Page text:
may not become locked in any fashion. Again, the 40 123 below the piston 145 forcing the piston upwardly
spacing between the rings 91 and 92 is sul'licient as to
an-d expelling concentrated glycol solution, or other fluid
permit full snap-action of the arm 93 and snap-operation
from the space above the piston 145 through the outlet
of the valve 94 -for substantially instantaneous reversal in
conductor 13.3 and into the dehydrator tower or other
the movement of the piston 95. The piston is not di
point of delivery. As stated above, the differential areas
rectly or rigidly connected to the actuating rings which 45 between the upper and lower sides of the piston 145 will
engage the pilot switch arm 93, but at the desired times
permit this action to take place, the diaphragm 126 offer
clearance for admission of motivating fluid under pres
of actuation there is a direct mechanical connection or
ing no resistance to movement other than the rate at
mechanical abutment between the several parts for posi
which iluid can be drawn into the chamber 128 through
tive and certain shifting `of the pilot valve.
the conductor 135 in accordance with the setting of the
A further modification of the invention is shown in 50' valve 136. When the piston reaches the upper end of its
FiG. 4, this latter modification involving direct control
stroke, the lower actuating ring 147 will contact the arm
ling or" the pilot valve by the pump and motor rod, and
148 to shift the valve 130, placing the pilot gas supply
also making provision for pumping two iluids, as, for
conductor 141 in communication with conductors 143
instance, in the case of a natural gas dehydration tower
and 144, thus applying pressure to the top of the dia
utilizing a glycol solution, the pumping structure makes 55 phragm 126 and switching the valve 137 to place the
provision for pumping concentrated glycol solution to
conductor 140 in communication with the conductor 139.
the tower while simultaneously pumping spent or dilute
The diaphragm 126 is of a sufficient area as to force the
glycol solution from the tower to the reconcentration ap
piston 145 downwardly, delivering dilute glycol solution
paratus. The structure includes an enclosed cylinder
or other íiuids from beneath the piston through the out
123 carrying a packing gland 124 upon its upper end and 60 let conductor 139 to the dehydration apparatus or other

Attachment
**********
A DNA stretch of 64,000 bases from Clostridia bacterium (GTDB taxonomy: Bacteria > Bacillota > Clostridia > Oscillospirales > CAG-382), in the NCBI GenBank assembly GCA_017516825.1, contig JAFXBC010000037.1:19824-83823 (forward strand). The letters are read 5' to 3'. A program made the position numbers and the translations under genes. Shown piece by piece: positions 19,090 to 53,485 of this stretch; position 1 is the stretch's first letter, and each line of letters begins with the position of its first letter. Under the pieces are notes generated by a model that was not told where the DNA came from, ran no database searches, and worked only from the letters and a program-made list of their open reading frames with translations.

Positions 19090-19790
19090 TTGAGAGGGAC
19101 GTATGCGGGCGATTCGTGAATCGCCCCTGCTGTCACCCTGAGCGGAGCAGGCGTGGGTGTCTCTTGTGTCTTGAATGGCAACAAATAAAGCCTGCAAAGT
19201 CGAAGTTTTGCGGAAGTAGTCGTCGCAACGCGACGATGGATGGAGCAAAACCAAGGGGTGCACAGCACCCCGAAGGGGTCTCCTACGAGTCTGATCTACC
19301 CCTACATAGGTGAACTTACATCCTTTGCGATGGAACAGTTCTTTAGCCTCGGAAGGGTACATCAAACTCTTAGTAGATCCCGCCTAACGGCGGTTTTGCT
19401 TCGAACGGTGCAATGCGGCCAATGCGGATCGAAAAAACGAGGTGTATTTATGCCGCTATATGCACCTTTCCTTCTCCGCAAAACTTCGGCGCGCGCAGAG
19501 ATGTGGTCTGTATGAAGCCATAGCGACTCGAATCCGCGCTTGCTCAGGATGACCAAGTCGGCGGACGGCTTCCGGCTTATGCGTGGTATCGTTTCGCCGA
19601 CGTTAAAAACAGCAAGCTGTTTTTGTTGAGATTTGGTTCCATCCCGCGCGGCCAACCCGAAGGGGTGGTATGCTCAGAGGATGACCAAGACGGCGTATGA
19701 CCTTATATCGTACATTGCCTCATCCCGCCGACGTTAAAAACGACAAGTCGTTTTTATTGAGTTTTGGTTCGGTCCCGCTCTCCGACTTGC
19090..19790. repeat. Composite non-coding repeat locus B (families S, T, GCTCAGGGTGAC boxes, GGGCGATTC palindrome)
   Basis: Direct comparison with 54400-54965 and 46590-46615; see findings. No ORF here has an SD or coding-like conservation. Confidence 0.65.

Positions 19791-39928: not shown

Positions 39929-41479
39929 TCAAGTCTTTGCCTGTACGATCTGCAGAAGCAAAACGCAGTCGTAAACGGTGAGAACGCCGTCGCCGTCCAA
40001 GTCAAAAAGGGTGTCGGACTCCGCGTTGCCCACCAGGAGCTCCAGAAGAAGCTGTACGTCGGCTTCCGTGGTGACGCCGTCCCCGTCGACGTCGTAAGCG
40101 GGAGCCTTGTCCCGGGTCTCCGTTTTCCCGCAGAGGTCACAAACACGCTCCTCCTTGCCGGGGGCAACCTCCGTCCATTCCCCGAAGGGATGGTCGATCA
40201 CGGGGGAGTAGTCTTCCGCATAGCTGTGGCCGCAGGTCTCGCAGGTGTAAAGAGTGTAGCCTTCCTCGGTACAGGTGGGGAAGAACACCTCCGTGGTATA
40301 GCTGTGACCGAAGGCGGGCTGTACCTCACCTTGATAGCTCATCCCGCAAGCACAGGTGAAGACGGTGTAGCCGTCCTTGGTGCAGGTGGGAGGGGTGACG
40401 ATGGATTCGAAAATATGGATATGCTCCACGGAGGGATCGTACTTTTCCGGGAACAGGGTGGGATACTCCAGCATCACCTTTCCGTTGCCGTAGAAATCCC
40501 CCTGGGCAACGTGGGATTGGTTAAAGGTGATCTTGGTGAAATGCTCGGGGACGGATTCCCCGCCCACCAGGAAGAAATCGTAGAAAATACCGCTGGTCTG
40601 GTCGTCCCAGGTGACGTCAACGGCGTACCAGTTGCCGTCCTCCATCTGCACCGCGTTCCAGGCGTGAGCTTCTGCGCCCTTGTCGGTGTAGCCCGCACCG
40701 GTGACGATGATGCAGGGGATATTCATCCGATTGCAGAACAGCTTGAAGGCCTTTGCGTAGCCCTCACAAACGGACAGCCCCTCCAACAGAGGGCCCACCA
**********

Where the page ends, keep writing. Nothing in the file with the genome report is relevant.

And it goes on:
supporting a diaphragm housing 125 having therein a
point of delivery while drawing a fresh quantity of con
flexible diaphragm or »other pressure responsive element
centrated glycol solution or other ñuid into the upper
126 dividing the housing 125 into an upper chamber 127
part of the cylinder 123 through the inlet conductor 131.
and a lower chamber 123. A reduced diameter enclosure
The rate at which this action takes place will again be
129 extends upwardly from the diaphragm housing and
dependent upon the setting of the valve 136 since fluid
supports a pilot valve 13@~ similar in all respects to the
must be exhausted from the chamber 1213 through the
pilot valves 61 and 61’ hereinafter described. A con
conductor 135 and into the conductor 131 so that con
centrated glycol solution, or other iiuid, inlet conductor
centrated glycol solution or other fluid, in actuality,
131 extends through a check valve 132 into the upper
surges in and out >of the chamber 128 at a rate deter
portion of the cylinder 123, an outlet conductor 133 ex 70 mined by the setting of the valve 136 so as to control the
tending from the upper end of the cylinder 123 through
rapidity of movement of the piston 145 on both its up
a check valve 134. A branch conductor 135 communi
ward and downward strokes and thus control the overall
cates between the inlet conductor 131 up stream of the
rate of pumping of both the iiuid entering through the
check valve 133 with the chamber 128 through a needle
conductor 131 as well as `the fluids entering through the
Valve or other type of how control valve 136.
75 conductor 133.
11 ~
Upon reaching the bottom of the piston stroke, the
apparatus functions to switch the arm 143 downwardly by
engagement therewith of the upper ring 147, again
switching the pilot valve 130 to vent the chamber 127
and return the conductor 138 to communication with the
conductor 140.
It is quite apparent that by reason of the larger piston
area exposed and consequently the larger volume in the
lower portion of the cylinder 123 as compared with the
upper portion thereof, the unit cannot continue to operate
solely by the flow of glycol solution or other liquid but
must also utilize the flow of some gas or other tluid